When it comes to supplying drawings, again it’s a process. They manufacturer will make drawings for every vessel based on discussions to this point.
Still, when you see the equipment drawn out, it can often lead to issues not considered before, being discovered.
Again, to use an example I had recently, when doing the hazy brewery project. When the drawing for the kettle/whirlpool came out.
We saw the whirlpool wort outlet for collection to the FV was too low down in the vessel.
Furthermore, we wanted to make the hop dam a little longer and higher. As the brewery would be making solely hop forward beers.
Changing Designs During the Drawing Phase
The wort outlet and hop dam design/placement were critical. Seeing the drawings in front of us. In the black and white allowed us to catch this issue before equipment fabrication went into production.
On this same project I was also able to add hard pipe from the hot liquor tank to the bottom of the brew kettle. To be able to clean the heat exchanger and for rinsing the wort out and CIP return pipework.
To understand what I mean please, see the images above. Again, it wasn’t till I could see the pipework layout in front of me. I was able to understand we’d forgotten this in earlier discussions.
Manufacturers don’t mind clients and consultants taking their time to go over the drawings.
They actively encourage it. As it’s best to catch issues before any equipment has gone into fabrication/production.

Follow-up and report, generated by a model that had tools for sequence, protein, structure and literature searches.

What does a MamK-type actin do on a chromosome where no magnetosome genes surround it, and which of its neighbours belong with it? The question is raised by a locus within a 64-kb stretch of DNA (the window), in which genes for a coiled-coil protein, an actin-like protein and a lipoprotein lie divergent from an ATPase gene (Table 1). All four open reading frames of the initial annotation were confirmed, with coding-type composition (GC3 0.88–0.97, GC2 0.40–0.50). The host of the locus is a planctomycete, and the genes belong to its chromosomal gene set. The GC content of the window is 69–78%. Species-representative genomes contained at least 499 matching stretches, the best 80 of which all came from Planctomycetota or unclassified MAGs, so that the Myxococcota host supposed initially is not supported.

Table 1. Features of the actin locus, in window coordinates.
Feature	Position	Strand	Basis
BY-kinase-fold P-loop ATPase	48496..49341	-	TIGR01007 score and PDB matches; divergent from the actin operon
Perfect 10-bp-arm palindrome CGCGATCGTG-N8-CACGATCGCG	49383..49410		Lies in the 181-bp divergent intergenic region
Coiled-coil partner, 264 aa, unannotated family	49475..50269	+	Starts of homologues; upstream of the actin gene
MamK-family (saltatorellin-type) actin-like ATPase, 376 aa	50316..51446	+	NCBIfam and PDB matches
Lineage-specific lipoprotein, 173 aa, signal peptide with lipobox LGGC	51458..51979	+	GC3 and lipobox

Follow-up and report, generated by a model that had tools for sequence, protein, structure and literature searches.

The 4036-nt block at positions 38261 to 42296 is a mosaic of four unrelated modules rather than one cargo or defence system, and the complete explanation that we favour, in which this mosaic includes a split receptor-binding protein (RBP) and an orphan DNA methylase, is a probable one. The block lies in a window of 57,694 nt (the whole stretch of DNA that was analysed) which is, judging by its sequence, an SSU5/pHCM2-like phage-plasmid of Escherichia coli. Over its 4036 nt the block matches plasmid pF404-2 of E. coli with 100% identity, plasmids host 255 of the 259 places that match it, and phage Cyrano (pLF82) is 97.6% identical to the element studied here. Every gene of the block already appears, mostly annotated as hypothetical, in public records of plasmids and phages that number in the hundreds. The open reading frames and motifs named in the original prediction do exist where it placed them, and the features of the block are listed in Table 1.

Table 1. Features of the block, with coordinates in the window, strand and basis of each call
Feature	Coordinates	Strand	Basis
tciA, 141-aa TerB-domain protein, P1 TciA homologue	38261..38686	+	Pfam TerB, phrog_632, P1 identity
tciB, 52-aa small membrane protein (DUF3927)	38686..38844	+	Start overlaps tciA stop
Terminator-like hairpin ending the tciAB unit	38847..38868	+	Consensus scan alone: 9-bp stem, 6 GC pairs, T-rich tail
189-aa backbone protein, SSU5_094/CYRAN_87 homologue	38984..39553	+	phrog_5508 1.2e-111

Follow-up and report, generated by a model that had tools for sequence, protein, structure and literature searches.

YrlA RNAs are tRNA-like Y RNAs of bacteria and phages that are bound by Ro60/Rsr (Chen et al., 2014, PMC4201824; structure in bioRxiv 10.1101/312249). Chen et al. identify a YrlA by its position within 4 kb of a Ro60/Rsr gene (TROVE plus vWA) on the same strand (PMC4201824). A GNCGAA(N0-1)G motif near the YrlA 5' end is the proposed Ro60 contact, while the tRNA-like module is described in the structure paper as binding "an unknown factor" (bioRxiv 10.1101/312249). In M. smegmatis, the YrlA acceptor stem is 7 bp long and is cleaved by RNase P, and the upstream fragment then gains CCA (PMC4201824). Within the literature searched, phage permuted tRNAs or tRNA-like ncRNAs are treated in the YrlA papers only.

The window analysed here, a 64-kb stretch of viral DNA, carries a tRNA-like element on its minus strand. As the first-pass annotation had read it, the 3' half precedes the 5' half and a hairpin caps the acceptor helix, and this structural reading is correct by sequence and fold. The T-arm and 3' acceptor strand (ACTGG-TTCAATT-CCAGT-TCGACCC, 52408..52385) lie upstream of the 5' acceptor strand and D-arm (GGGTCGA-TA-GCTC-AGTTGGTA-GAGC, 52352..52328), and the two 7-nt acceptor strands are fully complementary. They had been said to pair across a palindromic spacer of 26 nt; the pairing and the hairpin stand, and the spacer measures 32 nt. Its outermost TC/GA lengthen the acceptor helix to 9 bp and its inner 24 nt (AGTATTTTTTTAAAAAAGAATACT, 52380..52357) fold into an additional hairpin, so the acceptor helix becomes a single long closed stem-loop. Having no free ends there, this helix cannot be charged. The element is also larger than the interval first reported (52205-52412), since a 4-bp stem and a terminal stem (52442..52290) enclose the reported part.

I always suggest taking a few looks at these drawings, over a few days.
As often on the third/fourth look, puts your mind at ease to feel confident on moving forward. Looking back with fresh eyes over a few days really helps.
Equipment Fabrication Begins
Once the drawings have been confirmed by both client and manufacturer. Then equipment fabrication begins.
If you’ve not already paid a deposit, then around 30 to 40% of total quote given will be paid. To move forward with fabrication the vessels and pipework. With any prior payments taken into consideration.
This is standard in the industry for fabricators in China, where I’ve the most experience. It’s been similar on the projects I’ve worked on in Europe too.
Picture to the left is a 35HL 4-vessel brewhouse project I was involved in based in Yerevan, Armenia. Came with fully automatic keg filler, bottling line and SPX centrifuge.
Visiting The Factory – Commercial Brewing Equipment Fabrication
During equipment fabrication, the manufacturer is happy for customers to visit the factory. To check everything is on track and being made as agreed upon.
They’ll be happy to supply videos and photos when asked. I also offer a service where I can visit a factory on a client’s behalf too.
Feel free to email me at:
As we’ve said above, fabrication of equipment for a standard brewery is around 3-months or a less. If you’re making a fully-automated 100HL brewhouse, it’ll take longer, obviously.
Most equipment manufacturers are happy for clients to visit any time. As long as it’s been agreed upon beforehand.
The key visit for most people is the final check before equipment is loaded. Ready for shipping to the client’s location.
It’s the last time equipment can be checked and any changes can be made before the kit is off-loaded at its final destination. It’s still too late for any major changes to made, however.
On the Water (Shipping)
Depending on where the brewing equipment comes from and the final destination. The equipment can be on the water from 10 to 45 days.
China to The West Coast of the US is generally the longest time equipment is at sea. Then there’s some time for the equipment to clear customs.